The book, his first, is a tribute to how varied life on Earth is, including the strange social tricks, warfare strategies, and methods of travel that microbes have developed in their battle to cling to life.

The fastest moving creature in the world, for example, is a microbe that looks like a tiny comma, called Bdellovibrio bacteriovorus . Using rotating tails, known as flagella, it can zoom along at 160 micrometres a second – the equivalent of a human swimming the length of three olympic pools in a second. It likes to feast on a variety of other bacteria, and detects its prey chemically before going in for the kill.

With antibiotics losing their effectiveness this means the fast-moving microbe could have a future as a medicine, killing deadly bacteria, speculates Ben-Barak. "Wouldn’t it be great to know that our medicine takes the form of a rushing, ravenous, ravaging, microscopic killer comma?"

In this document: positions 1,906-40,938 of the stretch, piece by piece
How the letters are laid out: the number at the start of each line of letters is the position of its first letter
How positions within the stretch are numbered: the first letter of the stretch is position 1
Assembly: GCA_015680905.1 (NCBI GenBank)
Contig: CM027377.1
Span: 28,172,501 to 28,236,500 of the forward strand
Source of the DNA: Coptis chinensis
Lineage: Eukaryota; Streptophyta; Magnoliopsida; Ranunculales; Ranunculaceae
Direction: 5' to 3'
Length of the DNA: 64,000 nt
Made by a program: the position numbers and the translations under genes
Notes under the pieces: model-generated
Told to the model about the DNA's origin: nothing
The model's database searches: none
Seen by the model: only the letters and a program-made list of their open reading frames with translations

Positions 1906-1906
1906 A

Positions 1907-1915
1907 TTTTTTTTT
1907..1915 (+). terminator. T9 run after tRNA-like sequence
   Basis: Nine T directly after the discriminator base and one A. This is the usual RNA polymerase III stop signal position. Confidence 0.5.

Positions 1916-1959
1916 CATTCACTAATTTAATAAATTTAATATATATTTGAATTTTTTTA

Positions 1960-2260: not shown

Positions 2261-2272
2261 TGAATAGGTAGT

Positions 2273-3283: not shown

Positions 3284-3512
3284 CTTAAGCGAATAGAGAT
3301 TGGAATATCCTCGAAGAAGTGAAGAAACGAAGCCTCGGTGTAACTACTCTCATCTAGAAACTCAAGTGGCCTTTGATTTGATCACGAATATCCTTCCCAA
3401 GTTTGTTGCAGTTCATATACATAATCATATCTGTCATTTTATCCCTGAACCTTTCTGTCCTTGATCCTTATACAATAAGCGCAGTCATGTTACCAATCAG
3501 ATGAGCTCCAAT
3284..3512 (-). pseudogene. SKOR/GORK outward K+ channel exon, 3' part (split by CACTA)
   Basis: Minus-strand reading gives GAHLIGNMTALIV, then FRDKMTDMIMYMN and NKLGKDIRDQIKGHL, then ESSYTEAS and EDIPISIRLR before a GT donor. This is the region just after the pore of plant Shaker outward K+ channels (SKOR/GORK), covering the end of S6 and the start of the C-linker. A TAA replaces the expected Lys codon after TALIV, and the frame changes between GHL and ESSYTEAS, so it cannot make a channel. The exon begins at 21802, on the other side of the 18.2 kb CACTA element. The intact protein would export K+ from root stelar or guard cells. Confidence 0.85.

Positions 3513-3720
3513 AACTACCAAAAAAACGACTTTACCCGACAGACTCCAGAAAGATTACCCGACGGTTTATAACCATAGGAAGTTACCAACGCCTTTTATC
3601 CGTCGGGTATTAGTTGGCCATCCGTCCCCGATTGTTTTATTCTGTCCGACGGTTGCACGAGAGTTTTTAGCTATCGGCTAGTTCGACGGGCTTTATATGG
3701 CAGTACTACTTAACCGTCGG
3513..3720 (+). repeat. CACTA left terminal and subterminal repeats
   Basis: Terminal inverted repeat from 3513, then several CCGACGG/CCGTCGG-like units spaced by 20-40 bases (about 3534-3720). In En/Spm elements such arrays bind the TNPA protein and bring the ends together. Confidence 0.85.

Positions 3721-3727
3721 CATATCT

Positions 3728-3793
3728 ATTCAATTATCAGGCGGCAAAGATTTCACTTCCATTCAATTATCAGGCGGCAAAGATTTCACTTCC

Other microbes have also developed exceedingly clever ways to get around, particularly the dung-loving fungus, Pilobolus crystallinus .

While its spores are maturing, it grows a stalk with a sac at the top and then pumps water into it. When the water pressure is released, the spores can fly to a height of two metres, landing up to 2.5 metres away. "That’s not bad for a centimetre-long cannon," he says in his book.

What’s more, the fungus aims towards the sun, increasing the chances of the spores landing on a sunny bit of grass where a grazing cow might gobble them up, eventually excreting the spores in a fresh new home of dung.

Communication between microbes is surprisingly sophisticated, and they can have altruistic streaks, sacrificing themselves for the greater good. A predatory bacterium, Myxococcus xanthus , is a good example of this, says Ben-Barak. It hunts other microbes in swarms, like a "sci-fi-esque, alien-looking blob".

But when times get tough, and food is short, more than 100,000 of the tiny bugs join forces and build a structure which houses hardy spores. Although this ensures their species’ survival, about three-quarters of the original bacteria die in the process.